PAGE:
Canadian Defence Review

March 22, 2016

Liberals slash defence capital funding by $3.7 billion

Canada’s new finance minister renews commitment to next generation fighter, new warships, anti-ISIS coalition, but shifts payments to the next government.

Defence stakeholders got a stark warning today following the tabling of the Liberal government’s first budget, which slashed projected capital procurement funding by a stunning $3.7 billion over the next five years.

“This is not a reduction in the National Defence budget,” reads the document, tabled by Finance Minister Bill Morneau in Parliament this afternoon. “This will ensure that funding is available for large-scale projects when it is needed.”

The budget resurrects an old Conservative Party’s trick of “promise and delay.” For example $84.3 billion in funds are allocated to National Defence large-scale capital projects over the next 30 years.
However the Liberals, like their predecessors aren’t spending the envelopes, that were previously laid out.

David Perry, a senior analyst with the Canadian Global Affairs Institute, who tracks defence outlays closely, was not impressed. “The procurement schedule that the current and previous governments have committed too are far too ambitious relative to the amounts of money they are allocating,” said Perry. “The good news is that they are keeping the escalator clause, which commits them to increases during future years.”

Perry also detected a subtle distinction between the Trudeau administration and the Harper regime. “Under the previous government there was a sense that they were delaying spending in order to balance the budget,” said Perry. “But the current budget includes large spending increases in a variety of non-defence areas. So it looks more like a conscious decision to deprioritize defence procurement.”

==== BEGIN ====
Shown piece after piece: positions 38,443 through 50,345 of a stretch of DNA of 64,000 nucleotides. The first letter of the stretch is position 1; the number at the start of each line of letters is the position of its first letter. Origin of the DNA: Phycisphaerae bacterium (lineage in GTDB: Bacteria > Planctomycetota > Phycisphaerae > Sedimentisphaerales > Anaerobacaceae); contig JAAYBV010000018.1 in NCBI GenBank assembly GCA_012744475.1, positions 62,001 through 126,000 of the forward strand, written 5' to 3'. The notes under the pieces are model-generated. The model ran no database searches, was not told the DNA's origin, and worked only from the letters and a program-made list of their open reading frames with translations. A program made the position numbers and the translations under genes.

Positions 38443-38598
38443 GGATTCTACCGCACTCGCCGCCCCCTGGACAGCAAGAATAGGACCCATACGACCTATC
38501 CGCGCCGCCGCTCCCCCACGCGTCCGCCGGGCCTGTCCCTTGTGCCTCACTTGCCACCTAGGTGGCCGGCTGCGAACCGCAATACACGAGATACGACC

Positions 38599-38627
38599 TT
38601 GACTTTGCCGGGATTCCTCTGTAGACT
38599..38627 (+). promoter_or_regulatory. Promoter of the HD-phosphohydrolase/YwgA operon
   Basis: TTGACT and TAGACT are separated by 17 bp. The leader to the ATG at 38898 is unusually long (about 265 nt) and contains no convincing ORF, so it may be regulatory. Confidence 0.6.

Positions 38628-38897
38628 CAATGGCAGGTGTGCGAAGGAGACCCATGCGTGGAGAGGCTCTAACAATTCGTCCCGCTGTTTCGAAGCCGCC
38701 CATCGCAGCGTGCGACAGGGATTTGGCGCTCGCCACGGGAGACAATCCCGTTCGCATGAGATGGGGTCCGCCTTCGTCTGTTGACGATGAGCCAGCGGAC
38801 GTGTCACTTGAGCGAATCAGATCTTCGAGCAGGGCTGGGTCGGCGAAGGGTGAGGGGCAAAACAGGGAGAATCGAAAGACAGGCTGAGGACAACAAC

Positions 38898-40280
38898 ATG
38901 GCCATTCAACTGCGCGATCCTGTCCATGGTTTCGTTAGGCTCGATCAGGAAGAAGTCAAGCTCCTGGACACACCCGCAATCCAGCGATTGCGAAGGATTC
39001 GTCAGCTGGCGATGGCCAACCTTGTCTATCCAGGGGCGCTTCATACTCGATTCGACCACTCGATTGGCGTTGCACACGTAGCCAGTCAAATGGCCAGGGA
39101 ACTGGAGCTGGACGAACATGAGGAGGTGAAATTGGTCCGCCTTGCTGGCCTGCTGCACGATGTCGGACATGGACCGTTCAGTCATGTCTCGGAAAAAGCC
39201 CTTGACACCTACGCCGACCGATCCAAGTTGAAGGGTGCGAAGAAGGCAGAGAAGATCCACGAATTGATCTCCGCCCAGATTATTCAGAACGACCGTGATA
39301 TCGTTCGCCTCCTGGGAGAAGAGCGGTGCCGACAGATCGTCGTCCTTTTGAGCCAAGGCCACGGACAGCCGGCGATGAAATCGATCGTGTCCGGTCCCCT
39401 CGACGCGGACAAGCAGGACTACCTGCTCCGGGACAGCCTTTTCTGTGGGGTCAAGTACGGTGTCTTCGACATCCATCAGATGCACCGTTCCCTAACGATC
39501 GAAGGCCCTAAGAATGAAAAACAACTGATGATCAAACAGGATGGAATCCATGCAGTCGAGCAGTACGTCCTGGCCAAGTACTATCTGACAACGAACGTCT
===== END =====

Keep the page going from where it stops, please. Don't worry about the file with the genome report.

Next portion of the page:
Perry may be right. Despite the cuts to defence capital budgets, the new government’s total spending is expected to explode by 6.9% to $317.1 billion during the 2016-2017 fiscal year.
What makes the current budget particularly hard to assess is the fact that provisions related to defence matters are opaque, unclear and inadequately documented and referenced. For example the 240 page document contains no specific departmental projections on how much was projected to be spent on defence during the 2016-2017 fiscal year, nor how those totals will be adjusted following the new changes.

Canadian defence spending already lags below NATO’s 2% of gross domestic product target. However the new measures suggest that is unlikely to change during the Liberals’ first mandate.

In a press conference prior to his budget speech, Morneau denied that the cuts amounted to a reneging on the Liberal Government’s previous promises, noting that the current Minister of National Defence would conduct a review of operational and capital requirements during coming years.

During the election campaign, Prime Minister Justin Trudeau had promised to maintain the former Conservative government’s defence spending levels and to increase funding in 2017, as laid out in last year’s federal budget. He also promised to scrap the purchase of Lockheed-Martin’s F-35 fighter and to transfer funds to Canada’s navy.

Morneau’s budget renews certain specific equipment upgrade commitments “including Canada’s aging fleets of CF-18 fighter aircraft and maritime warships.” The document also notes that Canada will  
“continue to play an important role in the coalition against the Islamic State,” and “reaffirms Canada’s contribution to support Ukrainian forces, through military training and capacity building.”

Peter (at)


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